Less than an hour after the winning numbers in the $1.5 billion Powerball jackpot were announced, a Chino Hills, CA convenience store claimed that it had sold a grand-prize-winning ticket. This means that someone, somewhere (most likely close to…

How Old Can a Lottery Ticket Be to Turn in to Win?

How Do Multiple Winners Claim a Lottery Ticket?

All good things must come to an end, so they say, and that includes winning lottery tickets. The state agencies that regulate lotteries and other forms of gambling will set expiration dates on when the ticket can be redeemed. Keep the ticket safe, and whatever you do, turn it in on time.

Lottery Winnings

If you win a smaller amount in a lottery drawing, you can claim your prize at the store or outlet where you bought the ticket. If the winnings are more than $600, in most cases you must redeem the ticket through the state lottery agency. Most convenience stores do not carry a large amount of cash, and any win over $600 needs to be documented on a Form W-2G for federal tax purposes. There’s also a deadline involved, set by state law.

Expiration Dates

Lottery tickets expire, and state law sets the time frame. This can range from 90 days to a year. Some lottery tickets will carry this information in the fine print on the back. Others don’t, but you can always access this information through the lottery agency website. In Minnesota, for example, the expiration date is one year from the date of the drawing. For scratch-off tickets, the deadline is one year from the official end of the game. Minnesota’s lottery website posts a list of the current lottery games and the number of unclaimed prizes in each.

The Fate of the Unclaimed

If you buy a lottery ticket, sign it immediately and keep it safe. If the ticket is lost or stolen without a signature, then anyone who finds it can turn it in. If a prize goes unclaimed, then state law sets down the next step. Either the lottery agency returns the money to the cash pool for another game, or turns the money over to the attorney general of the state. A multi-state lottery will return the money to each state lottery agency in proportion to their ticket sales.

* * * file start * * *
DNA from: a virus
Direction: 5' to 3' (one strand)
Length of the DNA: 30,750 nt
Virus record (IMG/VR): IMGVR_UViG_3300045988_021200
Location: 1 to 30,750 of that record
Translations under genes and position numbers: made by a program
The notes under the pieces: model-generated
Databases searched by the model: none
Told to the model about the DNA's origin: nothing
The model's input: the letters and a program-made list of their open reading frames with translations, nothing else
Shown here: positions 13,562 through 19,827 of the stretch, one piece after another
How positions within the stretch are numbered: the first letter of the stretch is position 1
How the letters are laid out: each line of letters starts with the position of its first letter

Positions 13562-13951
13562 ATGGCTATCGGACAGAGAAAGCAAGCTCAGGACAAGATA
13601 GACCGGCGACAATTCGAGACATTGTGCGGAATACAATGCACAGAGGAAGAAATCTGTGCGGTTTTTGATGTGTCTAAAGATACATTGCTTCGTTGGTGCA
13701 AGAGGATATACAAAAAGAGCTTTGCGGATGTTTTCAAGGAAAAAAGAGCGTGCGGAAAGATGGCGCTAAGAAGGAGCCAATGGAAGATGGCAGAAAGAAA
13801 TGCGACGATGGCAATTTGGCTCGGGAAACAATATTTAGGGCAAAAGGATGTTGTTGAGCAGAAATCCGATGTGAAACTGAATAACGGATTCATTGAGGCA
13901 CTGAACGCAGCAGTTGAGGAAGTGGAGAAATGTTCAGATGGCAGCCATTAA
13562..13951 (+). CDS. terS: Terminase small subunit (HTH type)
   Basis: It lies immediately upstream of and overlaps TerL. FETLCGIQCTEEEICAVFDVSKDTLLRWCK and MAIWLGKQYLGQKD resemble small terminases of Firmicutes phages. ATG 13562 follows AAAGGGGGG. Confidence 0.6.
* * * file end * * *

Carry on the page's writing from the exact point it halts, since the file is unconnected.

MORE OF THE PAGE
Why Expire?

Strange as it may seem, a healthy number of winning lottery tickets do expire. According to a CNN report, $800 million in lottery money never found its legitimate owner in 2011, out of nearly $40 billion in total prize money. A common reason is that many lottery players don’t realize they’re holding “secondary” winners, which matched some, not all, of the numbers. Another reason may be that the news of a jackpot winner in another state discourages people from even checking their tickets for the smaller prize. Unclaimed jackpots, understandably, are rarer.

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All good things must come to an end, so they say, and that includes winning lottery tickets. The state agencies that regulate lotteries and other forms of gambling will set expiration dates on when the ticket can be redeemed. Keep the ticket safe, and whatever you do, turn it in on time. ]]>